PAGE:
In Suzanne Collins' The Hunger Games, the character of Katniss Everdeen distinguishes herself from other female protagonists in children's fiction in many ways. In my future paper, I plan to discuss those differences, mostly through the lens of the treatment of romantic relationships with regards to the protagonist in children's fiction. In the book, Katniss is caught in the type of love triangle typically found in children's fiction: the sensitive new lover versus the old friend who understands her more. However, Collins seems to subvert this trope by playing up the ambiguity of Katniss' actual feelings for Peeta and Gale; her on-screen relationship with Peeta starts out as a total artifice, a trick performed for the cameras, but turns out to be much more complex than that. Through analysis of the primary text and the surrounding scholarly literature, I wish to use The Hunger Games as an example of subverting the normal romantic clichés that go along with female protagonists in children's literature.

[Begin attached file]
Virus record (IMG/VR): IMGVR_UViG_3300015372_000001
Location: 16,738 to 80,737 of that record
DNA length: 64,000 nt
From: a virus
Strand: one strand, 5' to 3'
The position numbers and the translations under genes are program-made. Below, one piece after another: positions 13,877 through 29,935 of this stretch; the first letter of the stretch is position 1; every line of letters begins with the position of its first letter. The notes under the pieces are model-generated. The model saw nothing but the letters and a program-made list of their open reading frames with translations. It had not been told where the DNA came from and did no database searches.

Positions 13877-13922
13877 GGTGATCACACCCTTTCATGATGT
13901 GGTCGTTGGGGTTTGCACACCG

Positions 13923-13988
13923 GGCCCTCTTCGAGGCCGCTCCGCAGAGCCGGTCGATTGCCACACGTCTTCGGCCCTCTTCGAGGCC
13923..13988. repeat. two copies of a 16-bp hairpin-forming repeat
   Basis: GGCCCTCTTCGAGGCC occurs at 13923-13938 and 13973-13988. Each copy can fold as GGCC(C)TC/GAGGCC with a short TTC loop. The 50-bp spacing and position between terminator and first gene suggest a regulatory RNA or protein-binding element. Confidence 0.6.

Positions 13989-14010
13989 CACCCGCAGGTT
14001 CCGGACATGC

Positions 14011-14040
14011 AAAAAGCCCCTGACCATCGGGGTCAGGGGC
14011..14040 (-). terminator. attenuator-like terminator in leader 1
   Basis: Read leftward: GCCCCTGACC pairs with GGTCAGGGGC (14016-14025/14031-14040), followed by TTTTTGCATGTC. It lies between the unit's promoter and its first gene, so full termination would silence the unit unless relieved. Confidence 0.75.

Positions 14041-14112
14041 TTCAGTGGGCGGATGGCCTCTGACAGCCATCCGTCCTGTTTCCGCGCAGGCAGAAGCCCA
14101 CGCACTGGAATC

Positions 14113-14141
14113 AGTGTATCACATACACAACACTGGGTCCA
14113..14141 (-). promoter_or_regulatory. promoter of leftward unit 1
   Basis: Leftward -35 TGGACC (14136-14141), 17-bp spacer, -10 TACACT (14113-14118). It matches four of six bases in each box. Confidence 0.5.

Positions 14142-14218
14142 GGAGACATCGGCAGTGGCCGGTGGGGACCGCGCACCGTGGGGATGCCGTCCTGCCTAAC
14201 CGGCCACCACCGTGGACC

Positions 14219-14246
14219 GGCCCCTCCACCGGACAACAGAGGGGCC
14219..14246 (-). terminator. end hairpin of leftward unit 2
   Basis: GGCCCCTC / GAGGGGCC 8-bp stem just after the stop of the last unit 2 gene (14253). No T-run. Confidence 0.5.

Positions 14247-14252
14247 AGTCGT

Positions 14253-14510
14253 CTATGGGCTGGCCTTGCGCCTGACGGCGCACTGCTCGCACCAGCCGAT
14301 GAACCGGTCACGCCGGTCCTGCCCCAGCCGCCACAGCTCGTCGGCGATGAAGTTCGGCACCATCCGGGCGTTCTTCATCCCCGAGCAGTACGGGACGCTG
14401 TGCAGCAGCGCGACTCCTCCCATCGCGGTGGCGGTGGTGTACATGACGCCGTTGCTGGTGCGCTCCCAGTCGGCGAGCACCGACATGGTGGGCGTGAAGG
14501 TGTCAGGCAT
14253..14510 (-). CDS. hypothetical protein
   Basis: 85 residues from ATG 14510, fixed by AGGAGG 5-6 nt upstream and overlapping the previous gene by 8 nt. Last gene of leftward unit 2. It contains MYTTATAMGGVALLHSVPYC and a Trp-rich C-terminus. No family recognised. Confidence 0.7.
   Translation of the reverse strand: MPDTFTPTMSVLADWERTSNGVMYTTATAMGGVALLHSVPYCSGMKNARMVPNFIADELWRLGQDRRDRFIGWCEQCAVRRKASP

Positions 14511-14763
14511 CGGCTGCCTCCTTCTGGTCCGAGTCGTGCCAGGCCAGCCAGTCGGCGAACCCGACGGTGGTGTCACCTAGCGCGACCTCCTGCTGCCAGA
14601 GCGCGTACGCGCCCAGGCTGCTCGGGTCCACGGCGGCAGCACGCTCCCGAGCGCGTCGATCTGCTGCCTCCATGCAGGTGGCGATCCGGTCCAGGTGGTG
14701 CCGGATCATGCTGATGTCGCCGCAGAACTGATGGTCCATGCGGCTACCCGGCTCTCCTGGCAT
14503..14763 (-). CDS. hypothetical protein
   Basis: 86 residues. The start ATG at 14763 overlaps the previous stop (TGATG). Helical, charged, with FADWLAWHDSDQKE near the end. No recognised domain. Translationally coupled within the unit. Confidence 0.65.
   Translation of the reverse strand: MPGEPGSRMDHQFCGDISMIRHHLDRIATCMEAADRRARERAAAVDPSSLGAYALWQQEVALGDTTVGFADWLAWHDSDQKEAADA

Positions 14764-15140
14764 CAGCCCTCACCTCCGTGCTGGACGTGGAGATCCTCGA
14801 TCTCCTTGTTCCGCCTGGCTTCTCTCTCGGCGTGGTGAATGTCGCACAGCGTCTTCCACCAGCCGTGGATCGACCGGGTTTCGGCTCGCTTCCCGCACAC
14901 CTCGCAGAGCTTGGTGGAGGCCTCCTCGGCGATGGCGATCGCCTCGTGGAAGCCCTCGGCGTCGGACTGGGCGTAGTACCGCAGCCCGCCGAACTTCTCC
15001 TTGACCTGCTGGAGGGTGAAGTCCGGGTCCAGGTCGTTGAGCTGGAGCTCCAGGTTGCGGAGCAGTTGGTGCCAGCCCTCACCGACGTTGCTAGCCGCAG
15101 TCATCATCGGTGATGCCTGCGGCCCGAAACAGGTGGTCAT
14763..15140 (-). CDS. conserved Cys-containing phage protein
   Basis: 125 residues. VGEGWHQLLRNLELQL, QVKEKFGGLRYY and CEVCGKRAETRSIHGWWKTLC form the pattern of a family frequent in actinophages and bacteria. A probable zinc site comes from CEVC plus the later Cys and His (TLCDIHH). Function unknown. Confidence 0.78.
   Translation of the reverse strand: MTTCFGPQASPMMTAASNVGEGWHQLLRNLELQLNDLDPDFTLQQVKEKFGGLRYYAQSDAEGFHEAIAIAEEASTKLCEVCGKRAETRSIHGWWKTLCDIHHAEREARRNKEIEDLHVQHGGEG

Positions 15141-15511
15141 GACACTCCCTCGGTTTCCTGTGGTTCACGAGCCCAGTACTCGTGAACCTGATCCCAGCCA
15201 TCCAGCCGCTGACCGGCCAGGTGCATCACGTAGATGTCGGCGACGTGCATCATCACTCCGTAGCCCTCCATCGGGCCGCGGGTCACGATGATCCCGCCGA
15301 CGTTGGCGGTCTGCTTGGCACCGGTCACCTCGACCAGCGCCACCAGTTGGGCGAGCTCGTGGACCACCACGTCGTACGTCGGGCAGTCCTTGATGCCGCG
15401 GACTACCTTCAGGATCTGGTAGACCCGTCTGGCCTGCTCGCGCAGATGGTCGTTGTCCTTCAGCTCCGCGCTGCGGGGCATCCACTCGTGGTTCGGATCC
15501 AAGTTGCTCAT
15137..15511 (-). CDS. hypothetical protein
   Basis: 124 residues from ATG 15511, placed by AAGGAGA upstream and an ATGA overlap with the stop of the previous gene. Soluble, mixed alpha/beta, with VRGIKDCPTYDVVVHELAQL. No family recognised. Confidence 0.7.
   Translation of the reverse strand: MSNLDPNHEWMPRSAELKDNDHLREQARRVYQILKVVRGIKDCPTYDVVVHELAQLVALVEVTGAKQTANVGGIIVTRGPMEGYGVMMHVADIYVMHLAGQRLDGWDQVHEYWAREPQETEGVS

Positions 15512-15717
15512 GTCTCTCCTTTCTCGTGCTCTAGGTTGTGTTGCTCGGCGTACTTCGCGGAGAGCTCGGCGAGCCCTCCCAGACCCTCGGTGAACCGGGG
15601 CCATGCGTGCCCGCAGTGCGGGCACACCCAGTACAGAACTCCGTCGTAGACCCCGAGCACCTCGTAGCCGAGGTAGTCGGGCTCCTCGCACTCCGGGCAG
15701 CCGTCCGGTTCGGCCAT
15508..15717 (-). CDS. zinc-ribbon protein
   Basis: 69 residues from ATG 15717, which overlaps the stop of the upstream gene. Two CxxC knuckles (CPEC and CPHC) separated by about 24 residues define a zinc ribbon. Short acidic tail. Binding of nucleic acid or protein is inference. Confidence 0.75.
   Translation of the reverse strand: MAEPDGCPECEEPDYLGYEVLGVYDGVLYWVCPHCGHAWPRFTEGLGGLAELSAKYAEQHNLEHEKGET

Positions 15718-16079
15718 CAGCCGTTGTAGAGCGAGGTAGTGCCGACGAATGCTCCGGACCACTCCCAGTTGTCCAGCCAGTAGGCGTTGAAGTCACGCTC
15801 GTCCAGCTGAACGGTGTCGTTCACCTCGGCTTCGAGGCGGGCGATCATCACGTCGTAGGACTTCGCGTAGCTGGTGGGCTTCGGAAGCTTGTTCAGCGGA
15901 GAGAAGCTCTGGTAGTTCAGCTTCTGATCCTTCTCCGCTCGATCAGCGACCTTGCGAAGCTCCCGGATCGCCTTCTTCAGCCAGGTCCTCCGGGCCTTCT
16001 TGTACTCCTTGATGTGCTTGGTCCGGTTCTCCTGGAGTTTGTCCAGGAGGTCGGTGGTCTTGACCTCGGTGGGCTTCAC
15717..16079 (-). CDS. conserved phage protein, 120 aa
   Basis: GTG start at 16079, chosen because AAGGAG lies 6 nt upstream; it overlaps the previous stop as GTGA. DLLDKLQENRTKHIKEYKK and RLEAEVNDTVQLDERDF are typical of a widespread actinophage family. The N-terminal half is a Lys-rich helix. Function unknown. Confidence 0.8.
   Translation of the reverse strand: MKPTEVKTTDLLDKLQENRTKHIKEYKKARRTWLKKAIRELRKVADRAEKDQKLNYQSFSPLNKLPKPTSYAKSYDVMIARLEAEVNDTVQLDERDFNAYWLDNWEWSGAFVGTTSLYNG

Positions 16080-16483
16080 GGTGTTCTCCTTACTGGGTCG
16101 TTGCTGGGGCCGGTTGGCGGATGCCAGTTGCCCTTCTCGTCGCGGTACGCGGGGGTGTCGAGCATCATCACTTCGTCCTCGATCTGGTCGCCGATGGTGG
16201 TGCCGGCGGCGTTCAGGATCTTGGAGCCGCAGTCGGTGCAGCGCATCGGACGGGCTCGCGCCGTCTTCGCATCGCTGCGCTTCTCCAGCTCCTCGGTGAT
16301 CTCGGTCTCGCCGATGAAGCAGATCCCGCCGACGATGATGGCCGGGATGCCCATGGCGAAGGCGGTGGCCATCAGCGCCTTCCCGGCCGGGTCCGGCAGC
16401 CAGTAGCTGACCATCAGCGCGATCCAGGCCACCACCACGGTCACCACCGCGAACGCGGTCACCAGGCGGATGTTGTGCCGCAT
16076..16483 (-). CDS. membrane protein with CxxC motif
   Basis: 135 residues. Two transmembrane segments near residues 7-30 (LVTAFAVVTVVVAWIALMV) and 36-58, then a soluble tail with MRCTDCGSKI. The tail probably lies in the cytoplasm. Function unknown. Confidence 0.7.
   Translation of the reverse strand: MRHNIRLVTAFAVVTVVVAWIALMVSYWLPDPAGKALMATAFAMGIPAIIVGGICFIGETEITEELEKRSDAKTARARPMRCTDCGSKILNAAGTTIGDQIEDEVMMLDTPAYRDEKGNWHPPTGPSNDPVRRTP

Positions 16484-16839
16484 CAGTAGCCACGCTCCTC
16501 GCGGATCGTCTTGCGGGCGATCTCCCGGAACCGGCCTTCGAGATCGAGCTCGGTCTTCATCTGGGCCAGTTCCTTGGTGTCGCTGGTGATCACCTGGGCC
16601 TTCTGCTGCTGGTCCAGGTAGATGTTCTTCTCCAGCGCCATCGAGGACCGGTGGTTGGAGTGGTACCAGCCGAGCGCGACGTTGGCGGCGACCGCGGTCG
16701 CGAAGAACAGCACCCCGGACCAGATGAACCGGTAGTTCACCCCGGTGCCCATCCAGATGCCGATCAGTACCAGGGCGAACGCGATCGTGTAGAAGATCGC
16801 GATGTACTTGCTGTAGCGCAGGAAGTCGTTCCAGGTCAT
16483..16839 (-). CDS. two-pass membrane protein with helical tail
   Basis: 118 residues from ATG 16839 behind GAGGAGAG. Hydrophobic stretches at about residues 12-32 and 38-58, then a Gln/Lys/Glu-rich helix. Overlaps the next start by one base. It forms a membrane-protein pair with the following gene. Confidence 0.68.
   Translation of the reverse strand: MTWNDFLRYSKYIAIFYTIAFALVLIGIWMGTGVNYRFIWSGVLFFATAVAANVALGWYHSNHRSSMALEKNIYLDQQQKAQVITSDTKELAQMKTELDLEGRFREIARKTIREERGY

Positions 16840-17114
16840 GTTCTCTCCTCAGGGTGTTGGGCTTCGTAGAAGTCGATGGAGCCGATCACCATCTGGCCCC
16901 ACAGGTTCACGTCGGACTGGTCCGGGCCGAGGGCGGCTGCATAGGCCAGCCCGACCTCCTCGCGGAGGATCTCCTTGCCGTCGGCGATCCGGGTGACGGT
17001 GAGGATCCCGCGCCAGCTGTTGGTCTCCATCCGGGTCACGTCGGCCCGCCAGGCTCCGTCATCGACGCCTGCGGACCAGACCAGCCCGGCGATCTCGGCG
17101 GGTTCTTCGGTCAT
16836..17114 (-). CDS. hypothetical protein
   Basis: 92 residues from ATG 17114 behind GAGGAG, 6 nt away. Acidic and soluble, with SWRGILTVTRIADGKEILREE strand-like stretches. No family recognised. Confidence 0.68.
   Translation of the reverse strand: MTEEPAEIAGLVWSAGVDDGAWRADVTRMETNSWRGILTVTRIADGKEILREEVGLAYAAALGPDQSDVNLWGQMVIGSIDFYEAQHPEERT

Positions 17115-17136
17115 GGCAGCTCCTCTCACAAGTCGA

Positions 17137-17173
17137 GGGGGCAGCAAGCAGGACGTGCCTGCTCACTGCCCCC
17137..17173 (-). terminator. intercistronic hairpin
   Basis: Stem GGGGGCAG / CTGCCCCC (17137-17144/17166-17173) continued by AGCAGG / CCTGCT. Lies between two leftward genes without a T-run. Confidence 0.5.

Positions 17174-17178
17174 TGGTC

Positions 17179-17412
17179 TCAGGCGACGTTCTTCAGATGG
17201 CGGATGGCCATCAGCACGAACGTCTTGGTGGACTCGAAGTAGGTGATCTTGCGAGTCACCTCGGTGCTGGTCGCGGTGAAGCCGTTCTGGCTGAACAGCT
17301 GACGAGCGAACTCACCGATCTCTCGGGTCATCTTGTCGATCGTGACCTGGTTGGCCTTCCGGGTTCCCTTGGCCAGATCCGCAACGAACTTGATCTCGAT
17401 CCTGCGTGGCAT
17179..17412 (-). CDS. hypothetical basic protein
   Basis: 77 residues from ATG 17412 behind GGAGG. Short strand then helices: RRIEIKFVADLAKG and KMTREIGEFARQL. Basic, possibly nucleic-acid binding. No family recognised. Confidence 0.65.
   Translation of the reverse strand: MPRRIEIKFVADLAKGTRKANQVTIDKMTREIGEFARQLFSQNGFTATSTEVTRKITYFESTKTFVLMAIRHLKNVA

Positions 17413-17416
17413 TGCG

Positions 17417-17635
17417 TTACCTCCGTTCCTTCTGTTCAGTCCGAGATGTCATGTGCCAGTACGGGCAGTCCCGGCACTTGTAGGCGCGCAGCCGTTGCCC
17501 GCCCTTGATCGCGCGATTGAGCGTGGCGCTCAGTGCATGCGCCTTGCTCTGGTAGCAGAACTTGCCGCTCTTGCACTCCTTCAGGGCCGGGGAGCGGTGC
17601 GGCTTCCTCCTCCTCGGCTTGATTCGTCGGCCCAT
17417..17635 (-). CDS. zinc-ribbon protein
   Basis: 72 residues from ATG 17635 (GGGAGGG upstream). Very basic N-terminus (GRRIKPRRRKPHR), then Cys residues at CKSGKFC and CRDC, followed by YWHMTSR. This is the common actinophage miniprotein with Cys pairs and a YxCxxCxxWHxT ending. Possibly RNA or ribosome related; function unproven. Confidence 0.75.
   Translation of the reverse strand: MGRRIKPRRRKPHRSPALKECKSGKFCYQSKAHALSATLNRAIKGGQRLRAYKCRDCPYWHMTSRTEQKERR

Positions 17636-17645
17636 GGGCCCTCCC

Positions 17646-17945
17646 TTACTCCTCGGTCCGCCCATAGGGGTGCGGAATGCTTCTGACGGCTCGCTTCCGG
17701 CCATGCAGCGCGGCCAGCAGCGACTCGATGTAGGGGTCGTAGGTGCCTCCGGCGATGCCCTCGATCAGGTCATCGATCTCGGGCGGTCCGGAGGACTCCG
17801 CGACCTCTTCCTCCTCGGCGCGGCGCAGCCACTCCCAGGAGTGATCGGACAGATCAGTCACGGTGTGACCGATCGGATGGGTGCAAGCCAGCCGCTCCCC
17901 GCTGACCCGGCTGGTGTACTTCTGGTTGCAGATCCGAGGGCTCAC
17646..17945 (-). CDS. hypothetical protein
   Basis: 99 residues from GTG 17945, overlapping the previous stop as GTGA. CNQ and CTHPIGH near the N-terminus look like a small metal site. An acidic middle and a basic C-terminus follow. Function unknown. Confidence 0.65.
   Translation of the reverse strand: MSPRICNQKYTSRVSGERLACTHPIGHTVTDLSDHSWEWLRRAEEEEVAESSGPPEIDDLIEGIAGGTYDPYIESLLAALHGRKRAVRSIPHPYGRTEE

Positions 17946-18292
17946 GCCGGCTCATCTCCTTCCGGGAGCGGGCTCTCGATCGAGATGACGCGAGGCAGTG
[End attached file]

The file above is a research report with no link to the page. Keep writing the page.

Questions about the assignment:
- How does Katniss as a character and a personality differ from the traditional female children's fiction protagonist?
- How is the first-person narrative used to portray distance and confusion in Katniss' relationship with these respective love interests?
- How does this treatment of potentially false or acted-out relationships play into Collins' overarching themes satirizing the popularity of reality television?
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Blasingame, James and Suzanne Collins. "An Interview with Suzanne Collins." Journal of Adolescent & Adult Literacy, vol. 52, no. 8 (May 2009), pp. 726-727. Print.
Collins, Suzanne. The Hunger Games. Scholastic Inc., 2012. Print.
Flanagan, Victoria. "Girl Parts: The Female Body, Subjectivity and Technology in Posthuman Young Adult Fiction." Feminist Theory vol. 12, no. 1 (April 2011), pp. 39-53. Print.
Frankel, Valerie E. Katniss the Cattail: An Unauthorized Guide to the Names and Symbols in Suzanne Collins' The Hunger Games. Henry Potty and the Pet Rock, 2012. Print.
Skinner, Margaret and Kailyn McCord. "The Hunger Games: A Conversation." Jung Journal: Culture & Psyche vol. 6, no. 4 (2012), pp. 106-113. Print.